2. This topic is a little hard to find…. Saw this on the history channel which was kind of cool how Hannibal in around 220 b.c. conquered Rome by attacking them through the mountain range the Alps. What made this so unique was Hannibal was said to be crazy to attempt this by taking 10,000 people and horses and war elephants on this trial over the mountain. He had no problem scaling the mountain where he ran into trouble was the descent. He ran into steep limestone rock faces they could go down and they couldn’t turn around either. As they sat there his chemist as you might call them found out if you heat limestone up and pour in their day was wine vinegar it would react and produce CO2 and H2O. Once cooled the rock became very brittle and they were able to make a zig zag path down the mountain face. As for a link with this I have looked for the story and havent found one you may be able to look up on and check for times the program maybe showing.

3. This topic is just rather interesting that relates to chemistry and slighty organic chemistry if you look up the term Browns Gas you will find an interesting topic. I heard about this at work they explained it to me in the simplest way as they thought it heated up any given material to the temperature at which it melts and does just that… I guess these links will explain it in more or more accurate detail. 

4. This topic is for anyone who wants to do some good with their computer and also get a viewing of a construction of a large carbon molecule from a simple core model. This is a program you can download called Folding@Home what it does is use your computer to fold organic molecules in an attempt to develop a molecule that can help them fight cancer. If you want to do this simply google the program name and go from there. It is a good way to view large organic molecules and how organized they are, I have had this program for a year I still run it to this day.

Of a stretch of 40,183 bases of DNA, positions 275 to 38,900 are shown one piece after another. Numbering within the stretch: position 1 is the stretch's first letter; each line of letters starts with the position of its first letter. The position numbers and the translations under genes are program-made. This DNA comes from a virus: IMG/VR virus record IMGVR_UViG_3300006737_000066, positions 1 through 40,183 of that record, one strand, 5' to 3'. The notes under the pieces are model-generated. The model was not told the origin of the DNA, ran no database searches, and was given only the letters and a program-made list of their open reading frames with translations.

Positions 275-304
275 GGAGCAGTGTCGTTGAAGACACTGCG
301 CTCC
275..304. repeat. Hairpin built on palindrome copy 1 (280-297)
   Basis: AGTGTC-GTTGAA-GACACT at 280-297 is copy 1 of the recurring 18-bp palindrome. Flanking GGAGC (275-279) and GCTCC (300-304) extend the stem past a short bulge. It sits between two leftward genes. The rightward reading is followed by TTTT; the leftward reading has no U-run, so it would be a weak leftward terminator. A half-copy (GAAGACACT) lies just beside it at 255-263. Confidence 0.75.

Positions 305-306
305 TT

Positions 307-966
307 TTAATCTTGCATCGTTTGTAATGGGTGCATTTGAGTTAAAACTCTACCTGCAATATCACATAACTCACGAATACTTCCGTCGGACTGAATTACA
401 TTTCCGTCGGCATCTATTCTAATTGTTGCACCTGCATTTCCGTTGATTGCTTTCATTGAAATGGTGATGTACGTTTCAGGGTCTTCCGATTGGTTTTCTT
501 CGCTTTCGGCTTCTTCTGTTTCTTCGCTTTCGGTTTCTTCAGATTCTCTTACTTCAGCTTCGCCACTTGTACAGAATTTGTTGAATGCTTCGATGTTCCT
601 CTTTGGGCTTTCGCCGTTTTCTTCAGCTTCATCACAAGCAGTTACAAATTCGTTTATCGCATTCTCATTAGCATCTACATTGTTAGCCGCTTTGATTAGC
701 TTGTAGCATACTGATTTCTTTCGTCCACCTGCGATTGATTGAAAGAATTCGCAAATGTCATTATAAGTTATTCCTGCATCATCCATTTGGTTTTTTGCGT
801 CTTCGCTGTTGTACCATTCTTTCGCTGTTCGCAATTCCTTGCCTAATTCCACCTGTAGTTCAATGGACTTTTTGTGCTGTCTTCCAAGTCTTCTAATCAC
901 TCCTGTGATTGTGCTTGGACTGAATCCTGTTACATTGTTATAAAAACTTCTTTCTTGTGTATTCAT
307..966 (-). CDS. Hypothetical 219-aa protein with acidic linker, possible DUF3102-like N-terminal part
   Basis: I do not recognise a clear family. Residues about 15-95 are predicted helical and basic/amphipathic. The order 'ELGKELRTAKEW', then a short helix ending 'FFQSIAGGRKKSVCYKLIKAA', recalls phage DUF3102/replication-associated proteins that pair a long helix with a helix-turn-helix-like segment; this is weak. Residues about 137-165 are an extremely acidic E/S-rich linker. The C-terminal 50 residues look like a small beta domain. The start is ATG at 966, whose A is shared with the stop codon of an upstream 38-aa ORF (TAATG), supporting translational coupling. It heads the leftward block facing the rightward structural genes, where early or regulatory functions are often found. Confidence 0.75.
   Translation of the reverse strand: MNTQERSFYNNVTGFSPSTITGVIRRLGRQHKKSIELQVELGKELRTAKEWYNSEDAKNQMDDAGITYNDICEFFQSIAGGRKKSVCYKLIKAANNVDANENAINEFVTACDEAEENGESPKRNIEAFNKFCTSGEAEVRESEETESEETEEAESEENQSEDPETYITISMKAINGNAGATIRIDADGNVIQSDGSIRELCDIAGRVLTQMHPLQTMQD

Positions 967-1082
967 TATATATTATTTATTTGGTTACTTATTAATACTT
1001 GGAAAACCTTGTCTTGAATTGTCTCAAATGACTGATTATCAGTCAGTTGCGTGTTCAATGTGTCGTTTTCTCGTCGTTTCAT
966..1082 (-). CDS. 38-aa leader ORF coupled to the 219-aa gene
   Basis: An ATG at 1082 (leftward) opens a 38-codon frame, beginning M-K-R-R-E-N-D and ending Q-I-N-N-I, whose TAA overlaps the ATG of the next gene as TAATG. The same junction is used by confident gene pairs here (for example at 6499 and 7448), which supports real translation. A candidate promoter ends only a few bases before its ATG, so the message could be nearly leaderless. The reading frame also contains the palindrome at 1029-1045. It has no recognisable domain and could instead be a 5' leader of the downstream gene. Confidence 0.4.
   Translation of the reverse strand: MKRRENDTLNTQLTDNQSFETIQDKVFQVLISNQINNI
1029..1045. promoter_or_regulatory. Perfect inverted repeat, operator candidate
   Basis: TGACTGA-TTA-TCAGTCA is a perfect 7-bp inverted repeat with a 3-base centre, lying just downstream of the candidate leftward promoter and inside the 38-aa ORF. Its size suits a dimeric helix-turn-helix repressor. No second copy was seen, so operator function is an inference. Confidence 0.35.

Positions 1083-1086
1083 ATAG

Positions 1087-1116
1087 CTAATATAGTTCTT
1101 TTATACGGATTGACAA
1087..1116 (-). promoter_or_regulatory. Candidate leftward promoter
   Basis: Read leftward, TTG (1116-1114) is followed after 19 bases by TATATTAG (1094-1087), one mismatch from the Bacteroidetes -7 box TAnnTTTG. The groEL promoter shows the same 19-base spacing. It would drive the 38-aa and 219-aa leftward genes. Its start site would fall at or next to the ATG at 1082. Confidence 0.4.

5. Well its not a big secret that there are more bio majors than chem majors so here is something interesting for bio majors. I don’t know if this relates to chem, but people tell me they have never heard this before so here ya go. There was these two Russians playing in a chess tournament Nikolai Titov and Vladimir Dobrynin and all of a sudden while Titov was in deep concentration on the board he screamed in pain and grabbed his temples and his head blew up like a fire cracker. Now I know you may think im pulling your chain but it’s a rare condition call HCE Hyper-Cerebral Electrosis. Now not getting into to great detail the gist of the story is not to think to hard or your head may blow up…Literally! …. If you want to read the article let me know and I will bring the book in.

Thursday, December 4, 2008

Chemistry Gift List

I know that everyone wants to keep-up with their chemistry studies over the holidays, and just in time the Make Blog site has a list of chemistry supplies for your Christmas list. The have descriptions of chemistry sets, as well as other chemistry-related things.

They include several chemistry sets, books about home chemistry experiments and suppliers for glassware. I had a Skilcraft chemistry set as a kid, but I don't remember much about it except that if you mixed certain chemicals together they would change colors. It is said that chemistry kits used to be much more interesting before all of the dangerous chemicals were removed. For an idea of what a do-it-yourself chemist could do in the Old Days, read Uncle Tungsten by Oliver Sacks.